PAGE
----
ESPN blogger David Ubben put out his own early rankings.
No, Nebraska. No one wants Bo Pelini.
Les Miles and Brady Hoke answered two big questions Tuesday aboard the college football coaching carousel, and the decisions of both reverberated in Nebraska.
First, Miles delivered word that he planned to stay at LSU, informing Athletic Director Joe Alleva after the coach had met with Michigan A.D. Dave Brandon in Baton Rouge, La., on Monday about the Wolverines' job.
Hours later, Brandon hired Brady Hoke from San Diego State.
Justin Blackmon and Brandon Weedon are returning to OSU.
Doesn't this guy have enough to do?
After announcing Wednesday he was returning to play football at OSU in 2011, Weeden announced he would also be joining the Oklahoma State golf team.
"I forgot to mention I'm also the newest member of the OSU golf team!!!!" Weeden announced via Twitter. "Proud to be part of something special! Football and Golf!!!!"
Cowboy golf coach Mike McGraw confirmed Weeden was indeed the newest Cowboy golfer.
"He's going to walk on for us," McGraw said in a phone interview. "He's a great leader, he loves golf and he's a great Cowboy."
Baylor adds two defensive coaches.
There is hope? The Sooners found some solace in their loss to Baylor.
Oklahoma didn’t win Tuesday night at the Ferrell Center. But the Sooners stayed within striking range much of the game before Baylor freshman sensation Perry Jones and the Bears finally pulled away for a 74-61 win.
Wow. Berkeley to Waco? Cal freshman G. Gary Franklin has transferred to Baylor.
The Aggies are a mystery.
Well, check off all the boxes. We've found one. Say hello to this year's men of mystery: Texas A&M.
The Aggies are 14-1, with quality wins over Temple and Washington, and are ranked in the top 15 in both polls heading into tonight's home game with Oklahoma State, but you can still count coach Mark Turgeon as part of the group that isn't exactly sure what he has.
Be sure to head over to Big 12 Hoops for everything Big 12-2 basketball.
They are recruiting five-year-olds.
The next LeBron James?
Maybe that's premature, but five-year-old K.J. Farfan is already a top basketball prospect. He's received personal letters from Kansas State coach Frank Martin and Florida coach Frank Haith and he's had a one-on-one meeting with Isiah Thomas.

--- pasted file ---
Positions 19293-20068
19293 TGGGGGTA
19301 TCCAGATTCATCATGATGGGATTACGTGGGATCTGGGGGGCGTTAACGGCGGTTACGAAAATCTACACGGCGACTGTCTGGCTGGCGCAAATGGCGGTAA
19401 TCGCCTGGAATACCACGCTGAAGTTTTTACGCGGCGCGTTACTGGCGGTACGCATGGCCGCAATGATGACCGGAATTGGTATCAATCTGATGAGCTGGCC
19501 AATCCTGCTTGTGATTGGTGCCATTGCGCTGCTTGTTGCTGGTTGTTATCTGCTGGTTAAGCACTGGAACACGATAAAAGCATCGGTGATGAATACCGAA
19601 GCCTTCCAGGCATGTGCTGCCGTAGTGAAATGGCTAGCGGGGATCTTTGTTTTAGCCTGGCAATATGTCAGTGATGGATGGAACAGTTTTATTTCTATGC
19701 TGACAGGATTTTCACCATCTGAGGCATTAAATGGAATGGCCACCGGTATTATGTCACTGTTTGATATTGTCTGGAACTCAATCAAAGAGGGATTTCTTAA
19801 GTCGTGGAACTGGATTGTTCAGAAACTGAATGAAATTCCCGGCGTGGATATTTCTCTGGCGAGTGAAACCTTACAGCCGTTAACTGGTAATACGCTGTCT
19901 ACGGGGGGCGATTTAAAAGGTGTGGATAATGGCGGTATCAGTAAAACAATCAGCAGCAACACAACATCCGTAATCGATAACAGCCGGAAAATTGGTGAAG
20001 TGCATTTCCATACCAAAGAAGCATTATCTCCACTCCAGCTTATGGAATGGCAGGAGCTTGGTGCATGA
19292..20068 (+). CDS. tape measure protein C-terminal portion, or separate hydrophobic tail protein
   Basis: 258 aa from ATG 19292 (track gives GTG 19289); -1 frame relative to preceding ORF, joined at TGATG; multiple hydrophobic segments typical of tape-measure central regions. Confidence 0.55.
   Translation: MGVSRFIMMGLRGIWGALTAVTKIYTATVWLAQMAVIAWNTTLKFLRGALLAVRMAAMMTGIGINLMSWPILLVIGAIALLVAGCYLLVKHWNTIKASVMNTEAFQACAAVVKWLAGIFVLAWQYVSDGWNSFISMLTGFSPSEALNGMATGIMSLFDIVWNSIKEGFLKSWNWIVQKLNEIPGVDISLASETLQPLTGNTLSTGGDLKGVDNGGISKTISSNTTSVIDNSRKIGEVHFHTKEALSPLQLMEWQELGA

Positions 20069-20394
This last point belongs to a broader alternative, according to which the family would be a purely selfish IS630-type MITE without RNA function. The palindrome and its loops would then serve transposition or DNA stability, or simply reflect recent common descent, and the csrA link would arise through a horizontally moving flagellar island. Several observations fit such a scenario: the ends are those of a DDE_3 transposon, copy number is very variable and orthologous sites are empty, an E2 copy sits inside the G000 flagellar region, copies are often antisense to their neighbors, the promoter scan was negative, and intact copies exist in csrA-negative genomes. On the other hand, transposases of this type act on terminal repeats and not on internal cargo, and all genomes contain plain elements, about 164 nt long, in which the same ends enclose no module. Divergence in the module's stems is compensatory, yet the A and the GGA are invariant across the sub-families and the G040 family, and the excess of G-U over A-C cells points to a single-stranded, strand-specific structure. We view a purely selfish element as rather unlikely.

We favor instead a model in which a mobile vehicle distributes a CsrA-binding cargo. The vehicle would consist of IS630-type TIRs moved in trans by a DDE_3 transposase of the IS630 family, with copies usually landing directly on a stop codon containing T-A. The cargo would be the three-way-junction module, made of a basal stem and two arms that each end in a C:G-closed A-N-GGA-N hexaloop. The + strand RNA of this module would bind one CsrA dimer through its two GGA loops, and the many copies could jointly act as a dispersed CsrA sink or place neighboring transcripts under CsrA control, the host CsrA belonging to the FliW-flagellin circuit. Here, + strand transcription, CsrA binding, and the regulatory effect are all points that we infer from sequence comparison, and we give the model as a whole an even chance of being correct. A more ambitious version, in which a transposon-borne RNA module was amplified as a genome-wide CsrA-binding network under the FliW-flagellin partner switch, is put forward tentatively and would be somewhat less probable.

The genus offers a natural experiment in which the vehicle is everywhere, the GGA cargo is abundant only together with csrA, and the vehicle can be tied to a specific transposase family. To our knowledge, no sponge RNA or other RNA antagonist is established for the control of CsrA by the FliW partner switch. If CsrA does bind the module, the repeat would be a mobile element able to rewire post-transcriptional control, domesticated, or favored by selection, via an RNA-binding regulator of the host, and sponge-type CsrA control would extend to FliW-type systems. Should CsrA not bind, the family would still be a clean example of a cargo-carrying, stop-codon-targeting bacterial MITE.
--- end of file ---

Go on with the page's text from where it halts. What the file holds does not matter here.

Why? Because he's really good. The kid can't even read but he was playing against seven and eight-year-olds when he was just four.
They didn't do the chant.
Auburn fans yelled War Eagle. They chanted "It's great ... to be ... an Auburn Ti-ger!" They tossed rolls of toilet paper in honor of the folks back home who had so thoroughly covered Toomer's Corner in TP that those with untrained eyes would never have known the worst of the snow storm that ripped through Alabama had missed Auburn.
But they didn't chant S-E-C.
The SEC is the KIng of all conferences.
It's about brand loyalty. Right now SEC fans are addicted. A fight broke out in the BBVA Compass Bowl last week between Kentucky and Pittsburgh. Fans in Birmingham's Legion Field began chanting "SEC! SEC!" There is anecdotal evidence of the same happening on Bourbon Street during Sugar Bowl week when an altercation erupted between Ohio State and Arkansas fans. These people don't just buy souvenirs, they name their children Archie and Herschel and Bo.
LSU's coach staying true to his (adopted) school came Tuesday when Miles recommitted to the Tigers. That ended a second flirtation with his alma mater, Michigan. There isn't going to be a third. By staying in Baton Rouge, Crazy Les said it without saying it: He had switched dream jobs from Michigan to LSU.
Following the gravy train of college sports and the BCS...money.
Will that 12 million dollar field goal change anyone's mind?
Here's your ticket. The $12 million field goal.
Keep talking about gridiron justice and huge payouts and fan demand, keep throwing fits and talking like Robespierre in the French Revolution, and no one in the ivory towers of chancellor offices or the NCAA will lift an eyebrow.
But start talking about Kyle Brotzman, and maybe you've got an audience.
We're not waiting around for that playoff, either.
I am hopeful that there will come a day when there's a playoff in college football, but I'm not holding my breath about it either. I suspect that day is a ways off, but as our man Berry Tramel wrote today, there's a growing body of reasons why a playoff is needed. The latest is having kids who are kicking $12 million field goals. The NCAA doesn't like that kind of thing, and it might be something that moves them to action.
Christina-Taylor Green, the 9-year-old Arizona shooting victim, is the daughter of Dodgers national scout John Green and granddaughter of former major league manager Dallas Green. Our thoughts and prayers go out to her family and friends.